Patient: What do you think of a warmer climate for me doctor?
Doctor: Good heavens Sir, That’s just what I am trying to save you from!
Climate and health have been connected since the days of humoural medicine and probably before that, but the spectre of global climate change gives this cartoon from Punch (1901, Vol. 121 p.315) a whole new dimension.
A report produced by the UCL-Lancet Commission in 2009, described climate change as “the biggest global health threat of the 21st Century”. Environment, nutrition and health are also key areas of research interest for the Wellcome Trust: it’s website states that “climate change has major implications for global health and nutrition – with impacts on food security, access to clean water and sanitation, population migration and the threat of an increased number of natural disasters.”
A number of recent additions to the Library collections reflect some of the interesting research that is being done in field of health and climate change. A report by the Institute of Medicine in the USA looked at the effects of climate change on indoor air and public health. Many climate change ‘hot spots’ lie in rural communities, and another new book considers the health of rural children, one of the most vulnerable groups. A book on climate change and human well-being considers the “psychological responses and mental health impacts that accompany gradual environmental change and extreme weather events, and explains how climate change exacerbates existing inequities.” What is striking about much of this research is the multidisciplinary nature of the work being done, which often includes education, policy, and development as well as scientific analyses of medical and health concerns.
Perhaps the multidisciplinary nature of the health related research reflects the wider context of the climate change debate. Some fifteen years after the Kyoto Protocol, certain new publications indicate that people are beginning to look back at the history of climate change. Several scientists have recently published personal accounts of being in ‘the thick of it’ in the climate change debates. Raymond Bradley really was at the centre of the controversy as he, along with Michael Mann and others, published the so-called ‘hockey stick’ graph in the journal Nature in 1998. His book about Global warming and political intimidation relates how he felt politicians and policymakers in the USA sought to discredit him and his colleagues, and shut down their work.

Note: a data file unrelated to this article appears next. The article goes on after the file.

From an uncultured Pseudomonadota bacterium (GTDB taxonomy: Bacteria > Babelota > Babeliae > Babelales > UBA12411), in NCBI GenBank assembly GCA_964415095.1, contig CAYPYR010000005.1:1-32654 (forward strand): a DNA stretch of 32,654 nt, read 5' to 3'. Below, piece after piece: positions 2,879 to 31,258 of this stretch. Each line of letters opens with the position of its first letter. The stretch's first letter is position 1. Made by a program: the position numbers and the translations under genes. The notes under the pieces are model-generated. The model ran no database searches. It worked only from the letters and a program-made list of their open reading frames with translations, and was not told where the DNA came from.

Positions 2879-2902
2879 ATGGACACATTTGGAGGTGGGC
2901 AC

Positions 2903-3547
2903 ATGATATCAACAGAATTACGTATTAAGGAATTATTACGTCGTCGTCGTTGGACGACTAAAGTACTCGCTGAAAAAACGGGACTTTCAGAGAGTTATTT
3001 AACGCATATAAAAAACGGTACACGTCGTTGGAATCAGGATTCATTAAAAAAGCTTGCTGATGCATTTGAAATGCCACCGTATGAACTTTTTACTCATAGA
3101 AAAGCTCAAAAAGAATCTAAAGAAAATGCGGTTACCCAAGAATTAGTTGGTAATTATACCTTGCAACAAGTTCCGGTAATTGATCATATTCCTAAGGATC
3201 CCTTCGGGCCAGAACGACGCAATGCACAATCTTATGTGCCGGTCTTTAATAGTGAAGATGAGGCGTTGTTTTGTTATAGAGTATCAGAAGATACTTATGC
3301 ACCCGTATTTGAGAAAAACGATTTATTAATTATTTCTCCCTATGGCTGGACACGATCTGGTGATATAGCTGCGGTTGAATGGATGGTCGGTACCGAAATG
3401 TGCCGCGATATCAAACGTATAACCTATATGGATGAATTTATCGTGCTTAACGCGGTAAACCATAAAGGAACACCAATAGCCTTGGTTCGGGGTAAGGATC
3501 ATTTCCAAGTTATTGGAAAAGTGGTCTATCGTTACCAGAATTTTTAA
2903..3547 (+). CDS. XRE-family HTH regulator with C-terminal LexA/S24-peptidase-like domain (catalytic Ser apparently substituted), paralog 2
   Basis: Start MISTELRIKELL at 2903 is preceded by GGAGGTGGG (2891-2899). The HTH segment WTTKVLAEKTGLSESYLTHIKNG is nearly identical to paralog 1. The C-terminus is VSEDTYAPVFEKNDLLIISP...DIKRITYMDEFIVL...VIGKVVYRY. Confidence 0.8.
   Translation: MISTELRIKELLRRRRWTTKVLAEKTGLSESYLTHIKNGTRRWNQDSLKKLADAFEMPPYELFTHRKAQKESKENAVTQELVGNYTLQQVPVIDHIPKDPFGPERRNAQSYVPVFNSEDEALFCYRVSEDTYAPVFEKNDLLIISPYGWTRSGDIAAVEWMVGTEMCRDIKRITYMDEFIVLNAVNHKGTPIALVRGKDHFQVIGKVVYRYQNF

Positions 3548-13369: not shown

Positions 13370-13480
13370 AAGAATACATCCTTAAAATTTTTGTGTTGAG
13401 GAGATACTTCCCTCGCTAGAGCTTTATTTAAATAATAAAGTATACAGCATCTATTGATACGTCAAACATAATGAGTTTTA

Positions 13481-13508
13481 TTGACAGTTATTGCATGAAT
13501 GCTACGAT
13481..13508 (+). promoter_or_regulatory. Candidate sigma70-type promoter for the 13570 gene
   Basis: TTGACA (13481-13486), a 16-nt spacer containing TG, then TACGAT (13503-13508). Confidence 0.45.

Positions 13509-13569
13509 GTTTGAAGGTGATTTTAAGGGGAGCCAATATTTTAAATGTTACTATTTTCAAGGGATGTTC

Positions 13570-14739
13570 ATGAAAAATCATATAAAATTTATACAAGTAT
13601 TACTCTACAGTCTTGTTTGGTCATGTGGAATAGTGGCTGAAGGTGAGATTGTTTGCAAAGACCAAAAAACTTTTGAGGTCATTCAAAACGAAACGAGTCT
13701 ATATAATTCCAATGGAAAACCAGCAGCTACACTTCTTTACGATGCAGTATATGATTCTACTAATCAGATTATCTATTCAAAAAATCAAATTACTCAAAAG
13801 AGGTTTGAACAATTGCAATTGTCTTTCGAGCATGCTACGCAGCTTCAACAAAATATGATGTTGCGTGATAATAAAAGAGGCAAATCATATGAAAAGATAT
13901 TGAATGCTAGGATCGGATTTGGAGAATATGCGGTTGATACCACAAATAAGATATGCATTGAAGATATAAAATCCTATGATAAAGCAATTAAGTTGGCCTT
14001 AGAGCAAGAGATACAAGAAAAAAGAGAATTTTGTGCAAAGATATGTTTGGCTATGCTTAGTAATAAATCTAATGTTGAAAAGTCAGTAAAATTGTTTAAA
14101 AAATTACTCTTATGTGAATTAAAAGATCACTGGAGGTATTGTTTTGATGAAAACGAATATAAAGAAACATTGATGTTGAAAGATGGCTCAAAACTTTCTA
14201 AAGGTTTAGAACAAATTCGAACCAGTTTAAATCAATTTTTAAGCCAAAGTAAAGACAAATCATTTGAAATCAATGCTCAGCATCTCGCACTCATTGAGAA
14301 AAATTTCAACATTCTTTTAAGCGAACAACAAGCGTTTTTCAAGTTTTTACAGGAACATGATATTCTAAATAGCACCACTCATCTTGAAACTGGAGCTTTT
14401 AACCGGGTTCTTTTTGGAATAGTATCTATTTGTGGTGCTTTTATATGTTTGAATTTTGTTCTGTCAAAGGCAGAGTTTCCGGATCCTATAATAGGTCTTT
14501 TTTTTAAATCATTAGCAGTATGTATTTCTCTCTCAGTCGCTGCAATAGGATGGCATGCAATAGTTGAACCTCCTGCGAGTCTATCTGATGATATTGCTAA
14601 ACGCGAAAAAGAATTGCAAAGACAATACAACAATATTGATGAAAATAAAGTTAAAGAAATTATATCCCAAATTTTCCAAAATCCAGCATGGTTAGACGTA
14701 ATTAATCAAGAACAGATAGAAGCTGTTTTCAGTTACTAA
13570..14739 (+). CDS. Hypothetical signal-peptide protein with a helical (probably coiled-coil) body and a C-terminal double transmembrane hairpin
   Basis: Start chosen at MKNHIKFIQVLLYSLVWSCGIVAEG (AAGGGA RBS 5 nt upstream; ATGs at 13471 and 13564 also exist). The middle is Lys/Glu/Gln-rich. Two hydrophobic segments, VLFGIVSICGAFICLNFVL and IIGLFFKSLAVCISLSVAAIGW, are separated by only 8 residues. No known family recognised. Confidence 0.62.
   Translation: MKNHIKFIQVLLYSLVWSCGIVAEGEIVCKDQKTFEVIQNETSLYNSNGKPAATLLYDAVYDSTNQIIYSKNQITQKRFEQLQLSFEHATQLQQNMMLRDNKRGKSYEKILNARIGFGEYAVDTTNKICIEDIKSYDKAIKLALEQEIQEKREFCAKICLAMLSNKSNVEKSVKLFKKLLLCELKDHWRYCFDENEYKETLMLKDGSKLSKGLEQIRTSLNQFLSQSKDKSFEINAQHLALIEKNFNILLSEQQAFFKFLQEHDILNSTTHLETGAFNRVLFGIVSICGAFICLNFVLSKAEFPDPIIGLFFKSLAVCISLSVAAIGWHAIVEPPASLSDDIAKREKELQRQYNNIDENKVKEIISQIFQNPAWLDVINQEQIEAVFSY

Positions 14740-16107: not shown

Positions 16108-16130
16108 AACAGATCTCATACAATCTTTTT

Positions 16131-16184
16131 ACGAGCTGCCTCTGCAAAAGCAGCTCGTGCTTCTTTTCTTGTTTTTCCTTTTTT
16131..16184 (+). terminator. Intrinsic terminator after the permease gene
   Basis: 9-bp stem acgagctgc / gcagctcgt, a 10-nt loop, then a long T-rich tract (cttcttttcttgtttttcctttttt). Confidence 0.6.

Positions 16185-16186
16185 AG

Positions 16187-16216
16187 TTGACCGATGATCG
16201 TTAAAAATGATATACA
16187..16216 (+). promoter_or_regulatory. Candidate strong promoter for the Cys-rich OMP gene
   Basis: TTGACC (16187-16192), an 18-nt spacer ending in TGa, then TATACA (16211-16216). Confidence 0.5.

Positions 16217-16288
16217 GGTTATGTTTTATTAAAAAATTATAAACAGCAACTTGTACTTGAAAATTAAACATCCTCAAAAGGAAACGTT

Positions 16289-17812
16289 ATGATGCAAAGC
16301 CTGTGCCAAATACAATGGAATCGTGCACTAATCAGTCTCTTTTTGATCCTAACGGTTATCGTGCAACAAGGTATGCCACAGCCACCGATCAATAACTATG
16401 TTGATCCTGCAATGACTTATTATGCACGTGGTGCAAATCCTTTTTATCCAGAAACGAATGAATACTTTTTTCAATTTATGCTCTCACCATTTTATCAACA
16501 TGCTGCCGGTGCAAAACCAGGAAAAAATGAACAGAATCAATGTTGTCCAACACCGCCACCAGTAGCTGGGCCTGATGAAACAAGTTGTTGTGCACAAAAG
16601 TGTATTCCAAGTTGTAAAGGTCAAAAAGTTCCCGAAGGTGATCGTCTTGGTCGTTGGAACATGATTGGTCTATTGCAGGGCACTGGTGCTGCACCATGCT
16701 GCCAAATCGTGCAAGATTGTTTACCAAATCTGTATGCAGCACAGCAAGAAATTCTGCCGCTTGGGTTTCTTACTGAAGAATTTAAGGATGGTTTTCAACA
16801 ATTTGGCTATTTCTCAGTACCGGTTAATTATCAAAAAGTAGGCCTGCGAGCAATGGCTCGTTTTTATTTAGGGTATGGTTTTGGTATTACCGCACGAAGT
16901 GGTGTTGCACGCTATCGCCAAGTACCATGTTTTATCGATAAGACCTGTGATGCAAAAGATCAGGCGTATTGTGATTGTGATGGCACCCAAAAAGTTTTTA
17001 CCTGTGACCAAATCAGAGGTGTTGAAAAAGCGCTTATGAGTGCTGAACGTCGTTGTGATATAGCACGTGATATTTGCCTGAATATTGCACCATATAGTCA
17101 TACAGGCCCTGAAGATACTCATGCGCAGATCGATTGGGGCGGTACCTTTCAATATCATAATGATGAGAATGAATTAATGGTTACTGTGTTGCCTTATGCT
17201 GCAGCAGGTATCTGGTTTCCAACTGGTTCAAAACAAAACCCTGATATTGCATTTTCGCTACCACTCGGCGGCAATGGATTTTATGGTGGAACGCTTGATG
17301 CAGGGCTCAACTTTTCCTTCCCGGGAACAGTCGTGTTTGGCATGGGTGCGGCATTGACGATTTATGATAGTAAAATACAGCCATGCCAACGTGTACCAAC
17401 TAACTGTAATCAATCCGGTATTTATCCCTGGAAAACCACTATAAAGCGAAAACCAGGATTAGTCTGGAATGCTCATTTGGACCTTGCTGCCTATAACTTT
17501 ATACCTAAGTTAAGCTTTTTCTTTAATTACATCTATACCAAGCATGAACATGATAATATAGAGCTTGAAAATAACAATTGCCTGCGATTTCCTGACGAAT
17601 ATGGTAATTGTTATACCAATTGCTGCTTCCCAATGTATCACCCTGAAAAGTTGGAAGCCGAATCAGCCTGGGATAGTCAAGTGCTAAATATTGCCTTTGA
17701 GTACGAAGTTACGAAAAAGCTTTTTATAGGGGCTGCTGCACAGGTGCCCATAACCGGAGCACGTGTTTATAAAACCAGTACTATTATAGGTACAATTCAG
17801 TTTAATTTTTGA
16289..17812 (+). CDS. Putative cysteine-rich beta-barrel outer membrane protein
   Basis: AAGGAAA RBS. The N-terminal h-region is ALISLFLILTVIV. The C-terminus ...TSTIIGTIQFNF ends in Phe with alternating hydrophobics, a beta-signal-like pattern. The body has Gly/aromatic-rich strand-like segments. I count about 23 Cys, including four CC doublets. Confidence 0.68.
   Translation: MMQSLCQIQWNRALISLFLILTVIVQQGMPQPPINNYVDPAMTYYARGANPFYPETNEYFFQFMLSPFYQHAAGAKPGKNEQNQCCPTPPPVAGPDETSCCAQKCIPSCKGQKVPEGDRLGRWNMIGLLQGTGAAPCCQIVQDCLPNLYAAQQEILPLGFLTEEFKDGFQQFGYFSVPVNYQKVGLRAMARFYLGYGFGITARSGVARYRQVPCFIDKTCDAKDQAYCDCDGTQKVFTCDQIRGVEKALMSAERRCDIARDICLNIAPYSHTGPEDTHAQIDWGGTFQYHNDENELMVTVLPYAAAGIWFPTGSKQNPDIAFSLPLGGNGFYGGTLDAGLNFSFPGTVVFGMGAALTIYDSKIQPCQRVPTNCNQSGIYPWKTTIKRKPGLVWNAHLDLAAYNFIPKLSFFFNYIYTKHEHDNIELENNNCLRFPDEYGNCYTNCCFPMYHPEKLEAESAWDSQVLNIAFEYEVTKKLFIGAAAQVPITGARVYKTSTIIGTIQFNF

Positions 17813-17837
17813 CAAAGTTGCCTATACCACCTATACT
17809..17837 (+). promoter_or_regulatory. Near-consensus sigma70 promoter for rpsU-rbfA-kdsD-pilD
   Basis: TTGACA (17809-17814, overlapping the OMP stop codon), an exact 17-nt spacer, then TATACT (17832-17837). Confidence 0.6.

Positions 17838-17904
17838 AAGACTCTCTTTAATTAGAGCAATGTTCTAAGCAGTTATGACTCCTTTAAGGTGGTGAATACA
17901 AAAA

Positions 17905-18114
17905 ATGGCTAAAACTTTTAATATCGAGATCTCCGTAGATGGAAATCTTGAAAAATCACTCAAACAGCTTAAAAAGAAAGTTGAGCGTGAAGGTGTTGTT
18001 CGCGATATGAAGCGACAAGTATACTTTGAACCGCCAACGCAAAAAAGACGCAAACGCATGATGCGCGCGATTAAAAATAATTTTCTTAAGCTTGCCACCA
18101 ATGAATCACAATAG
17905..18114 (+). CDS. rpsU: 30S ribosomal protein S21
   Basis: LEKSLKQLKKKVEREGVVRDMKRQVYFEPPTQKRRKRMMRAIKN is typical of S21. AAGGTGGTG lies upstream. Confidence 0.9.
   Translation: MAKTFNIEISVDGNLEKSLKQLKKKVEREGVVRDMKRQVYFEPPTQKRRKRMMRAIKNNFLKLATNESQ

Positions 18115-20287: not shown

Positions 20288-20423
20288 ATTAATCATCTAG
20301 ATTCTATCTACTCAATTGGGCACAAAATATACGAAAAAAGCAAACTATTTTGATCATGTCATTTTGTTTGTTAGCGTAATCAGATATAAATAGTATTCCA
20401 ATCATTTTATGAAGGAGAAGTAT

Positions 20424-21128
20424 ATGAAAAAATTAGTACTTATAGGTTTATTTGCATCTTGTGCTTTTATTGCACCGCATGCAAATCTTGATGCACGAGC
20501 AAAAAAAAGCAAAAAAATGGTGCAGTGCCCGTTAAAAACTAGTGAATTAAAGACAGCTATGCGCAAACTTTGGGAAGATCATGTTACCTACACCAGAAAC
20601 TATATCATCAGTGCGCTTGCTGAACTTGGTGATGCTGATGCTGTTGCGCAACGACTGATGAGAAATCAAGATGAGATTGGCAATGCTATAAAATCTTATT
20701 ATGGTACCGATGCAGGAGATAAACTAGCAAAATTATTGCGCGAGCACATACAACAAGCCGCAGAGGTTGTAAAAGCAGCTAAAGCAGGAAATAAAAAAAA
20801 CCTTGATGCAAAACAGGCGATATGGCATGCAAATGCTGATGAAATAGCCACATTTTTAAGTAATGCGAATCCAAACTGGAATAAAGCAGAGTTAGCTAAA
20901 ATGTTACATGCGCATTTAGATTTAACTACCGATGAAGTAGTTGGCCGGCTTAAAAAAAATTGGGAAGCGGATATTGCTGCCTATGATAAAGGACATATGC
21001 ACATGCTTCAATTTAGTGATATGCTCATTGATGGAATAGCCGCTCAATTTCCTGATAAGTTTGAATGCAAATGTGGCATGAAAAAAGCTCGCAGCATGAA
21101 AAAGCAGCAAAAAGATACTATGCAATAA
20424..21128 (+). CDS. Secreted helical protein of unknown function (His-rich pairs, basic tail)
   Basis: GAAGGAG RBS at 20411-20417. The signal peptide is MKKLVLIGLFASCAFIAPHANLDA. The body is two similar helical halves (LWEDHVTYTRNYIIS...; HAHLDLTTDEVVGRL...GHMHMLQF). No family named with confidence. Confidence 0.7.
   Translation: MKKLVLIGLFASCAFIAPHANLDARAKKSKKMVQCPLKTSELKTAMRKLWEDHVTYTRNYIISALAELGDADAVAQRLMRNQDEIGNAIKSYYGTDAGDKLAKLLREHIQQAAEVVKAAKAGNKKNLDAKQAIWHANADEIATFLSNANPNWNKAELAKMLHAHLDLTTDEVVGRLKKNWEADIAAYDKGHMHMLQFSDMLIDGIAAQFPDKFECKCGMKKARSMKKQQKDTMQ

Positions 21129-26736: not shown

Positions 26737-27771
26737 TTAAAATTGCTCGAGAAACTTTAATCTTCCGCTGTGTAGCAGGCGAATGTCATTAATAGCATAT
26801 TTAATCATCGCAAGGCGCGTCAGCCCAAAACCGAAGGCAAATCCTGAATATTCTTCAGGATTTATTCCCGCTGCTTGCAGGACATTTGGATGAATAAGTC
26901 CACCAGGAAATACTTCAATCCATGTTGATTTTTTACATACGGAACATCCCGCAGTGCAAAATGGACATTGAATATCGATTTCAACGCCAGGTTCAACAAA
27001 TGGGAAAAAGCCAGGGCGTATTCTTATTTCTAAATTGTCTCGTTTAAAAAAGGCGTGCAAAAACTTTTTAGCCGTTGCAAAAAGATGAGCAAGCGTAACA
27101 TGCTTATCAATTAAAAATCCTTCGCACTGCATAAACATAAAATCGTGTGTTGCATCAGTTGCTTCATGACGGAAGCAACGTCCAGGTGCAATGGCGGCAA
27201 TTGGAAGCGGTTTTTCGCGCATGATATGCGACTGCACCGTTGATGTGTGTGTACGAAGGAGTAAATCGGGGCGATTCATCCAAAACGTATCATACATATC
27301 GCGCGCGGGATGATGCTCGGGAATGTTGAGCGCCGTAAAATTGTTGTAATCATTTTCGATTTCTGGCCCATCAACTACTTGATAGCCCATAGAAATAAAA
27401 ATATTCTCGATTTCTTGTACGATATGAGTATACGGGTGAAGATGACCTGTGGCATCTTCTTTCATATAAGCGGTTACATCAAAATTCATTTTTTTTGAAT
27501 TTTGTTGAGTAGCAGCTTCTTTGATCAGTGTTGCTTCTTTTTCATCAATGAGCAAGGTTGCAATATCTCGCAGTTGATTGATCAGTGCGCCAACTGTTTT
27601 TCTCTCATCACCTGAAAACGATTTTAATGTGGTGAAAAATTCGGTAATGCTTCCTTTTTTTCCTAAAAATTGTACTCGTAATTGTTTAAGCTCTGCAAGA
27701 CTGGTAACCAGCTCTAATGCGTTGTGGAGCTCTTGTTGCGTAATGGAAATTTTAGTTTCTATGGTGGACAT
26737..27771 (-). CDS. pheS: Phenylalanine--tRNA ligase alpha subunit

James Powell was a scientist on the ‘inside’ when it came to science policy. He was appointed to the US National Science Board by both Presidents Reagan and George W Bush and remained there for 12 years. His book – The inquisition of climate science addresses the question “why, when the scientific evidence for global warming is unequivocal, does only half the public accept that evidence?”
Inevitably the media had its part to play: Climate change and the media examines the changing nature of media coverage around the world from the USA, UK and Europe to China, Australasia and the developing world.
Several recent contributions to the climate change debate take a more pragmatic approach, and consider how progress on some of the concerns around climate change might be facilitated. A book on social science research looks at the issues around Engaging the public with climate change. This collection of papers make the case for why scientists and policymakers should engage the public on debates and decisions about climate change. Julie Doyle’s book: Mediating climate change looks at “practices of mediation and visualisation” in relation to the visual arts and climate change, and related issues such as meat and dairy consumption, and environmental activism.
Finally, in A perfect moral storm philosopher Stephen Gardiner considers the reluctant response to the challenge of climate change to be a result of various moral failings such as the temptation to ‘pass the buck’ onto future generations, and transfer costs onto the world’s poor. Inaction is facilitated by ignorance about science and international justice.
“When two Englishmen meet, their first talk is of the weather”
Samuel Johnson quipped. Judging by this range of books, it seems that these days, in health, science policy, social sciences, arts and philosophy, everyone is talking about the weather, or more accurately the climate.
Wellcome Image No. L0028080 from Punch magazine, published London 1901